Release Date: March 27th, 1970 MPAA Rating: PG-13
Director: Ken Loach Actors: David Bradley, Freddie Fletcher, Lynne Perrie, Colin Welland, Brian Glover, Bob Bowes, Bernard Atha, Agnes Drumgoon
ittle Billy Casper (David Bradley) is a newspaper delivery boy for Mr. Porter in northern England, where his older brother Jud (Freddie Fletcher) works in the mines (the pit). Speaking out at school, getting in trouble with teachers, and unsuccessfully calling on friends for early morning nestin’ across the lush countryside, Billy seems most at home in the sheer solitude of the woods. When he spies a kestrel’s nest high up at Monastery Farm, he decides he wants to capture it to train. Going to the public library for a book on falconry doesn’t work out (he’s not old enough), so he steals the Falconer’s Handbook from a store down the street. While his mother and brother spend every Saturday drinking and socializing, Billy reads up on his project and returns to the farm to nab a chick.
Spending his free time raising the bird of prey, Billy soon becomes unable to focus much on school. It’s there, amongst classmates and instructors, that he’s taken away from the simple joys of caring for his new pet, subjected instead to mistreatment from nearly everyone with whom he interacts. The ideas of great patience and reluctance toward flying the hawk free from its leash correspond keenly with the lack of patience exhibited by teachers, and the scant freedoms outside of school and work. Despite being bullied by other teens and harassed by authority figures, Billy is proud and contented with his obedient kestrel, which he sees as an untamable, forever wild creature, unconcerned with humankind – and merely doing him a favor by letting him witness her inspiring gracefulness.
At times, the cinematography is notably unhurried, gazing on the bird’s mesmerizing flight or watching it bob its head while perched on a fence. At others, the shots fade quickly as if rushed to get to the next scene, or perhaps acknowledging the needlessness of showing certain footage (such as climbing back down a wall once it’s been scaled or repetition during training montages). And still at others, the editing is artistic, cutting between Billy’s mother (Lynne Perrie) lamenting over Jud’s failure to be something more, and Jud’s drunken hassling of everyone around him, or the camera zooming in to narrate a comic strip. There’s also room for comedy as a pompous football (soccer) coach attempts to teach disinterested students to play a game he’s obviously altogether passionate about – going so far as to cheat and bully opposing players – all while famous music thunders, and scores flash across the screen.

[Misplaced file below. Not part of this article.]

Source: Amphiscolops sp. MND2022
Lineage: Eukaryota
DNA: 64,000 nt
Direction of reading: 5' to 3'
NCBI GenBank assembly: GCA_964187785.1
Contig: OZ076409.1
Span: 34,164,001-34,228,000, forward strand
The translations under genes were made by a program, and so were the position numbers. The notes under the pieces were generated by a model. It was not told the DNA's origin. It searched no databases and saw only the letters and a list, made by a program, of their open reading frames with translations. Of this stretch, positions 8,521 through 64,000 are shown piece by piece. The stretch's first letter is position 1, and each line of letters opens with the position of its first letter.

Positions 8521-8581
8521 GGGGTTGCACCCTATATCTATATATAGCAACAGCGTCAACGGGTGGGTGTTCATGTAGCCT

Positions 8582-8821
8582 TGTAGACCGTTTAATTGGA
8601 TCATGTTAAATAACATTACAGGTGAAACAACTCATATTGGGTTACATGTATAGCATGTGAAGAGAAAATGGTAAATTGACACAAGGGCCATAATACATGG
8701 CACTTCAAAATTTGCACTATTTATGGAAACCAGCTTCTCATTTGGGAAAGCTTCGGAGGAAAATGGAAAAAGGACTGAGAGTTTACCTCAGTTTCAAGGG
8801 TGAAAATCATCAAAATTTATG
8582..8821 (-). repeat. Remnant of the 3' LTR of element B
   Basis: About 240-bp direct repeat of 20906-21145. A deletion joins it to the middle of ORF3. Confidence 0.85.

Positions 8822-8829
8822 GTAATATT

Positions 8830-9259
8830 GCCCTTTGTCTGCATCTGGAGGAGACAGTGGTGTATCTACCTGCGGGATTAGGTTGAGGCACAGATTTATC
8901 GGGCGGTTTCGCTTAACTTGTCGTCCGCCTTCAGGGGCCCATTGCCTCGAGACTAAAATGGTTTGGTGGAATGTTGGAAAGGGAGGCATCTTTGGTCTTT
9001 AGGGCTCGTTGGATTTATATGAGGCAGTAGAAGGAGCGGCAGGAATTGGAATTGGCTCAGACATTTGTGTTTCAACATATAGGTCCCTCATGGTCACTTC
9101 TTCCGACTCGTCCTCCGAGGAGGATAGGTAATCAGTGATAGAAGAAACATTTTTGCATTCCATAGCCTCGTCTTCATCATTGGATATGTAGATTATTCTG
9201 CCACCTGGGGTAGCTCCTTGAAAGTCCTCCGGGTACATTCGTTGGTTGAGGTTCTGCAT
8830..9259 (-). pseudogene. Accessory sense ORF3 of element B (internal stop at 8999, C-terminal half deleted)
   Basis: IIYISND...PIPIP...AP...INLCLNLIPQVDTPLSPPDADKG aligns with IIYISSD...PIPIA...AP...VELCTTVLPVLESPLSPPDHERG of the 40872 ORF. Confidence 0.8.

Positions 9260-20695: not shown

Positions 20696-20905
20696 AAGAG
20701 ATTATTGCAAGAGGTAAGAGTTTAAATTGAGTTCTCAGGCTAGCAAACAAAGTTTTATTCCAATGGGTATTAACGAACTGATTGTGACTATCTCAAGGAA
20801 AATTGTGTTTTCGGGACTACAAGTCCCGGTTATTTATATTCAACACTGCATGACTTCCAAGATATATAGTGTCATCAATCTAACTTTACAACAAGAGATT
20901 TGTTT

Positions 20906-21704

As a slice-of-life drama and coming-of-age tale of uneducated, poverty-stricken, working-class Yorkshire residents (the epitome of human suffering in this time period), “Kes” is nearly documentary-like in style and presentation, as if to peek in on the goings-on of the gritty, disadvantaged lives of such youths. Yet there’s a satisfaction to be found in the sereneness of the boy and his bird, contrasting with the harsh realities of growing pains. Adults are portrayed as abusive, cruel, unfair, and uncaring, while nearly all communications between grownups and children are enshrouded in yells and insults. All the glamour and theatrics are stripped away to expose the realistic challenges of adolescence, the limited future prospects of the impoverished, familial struggles, and the bird’s mirroring of the hope of – or attempt to – escape, and the tragic futility of such an arduous endeavor.
– Mike Massie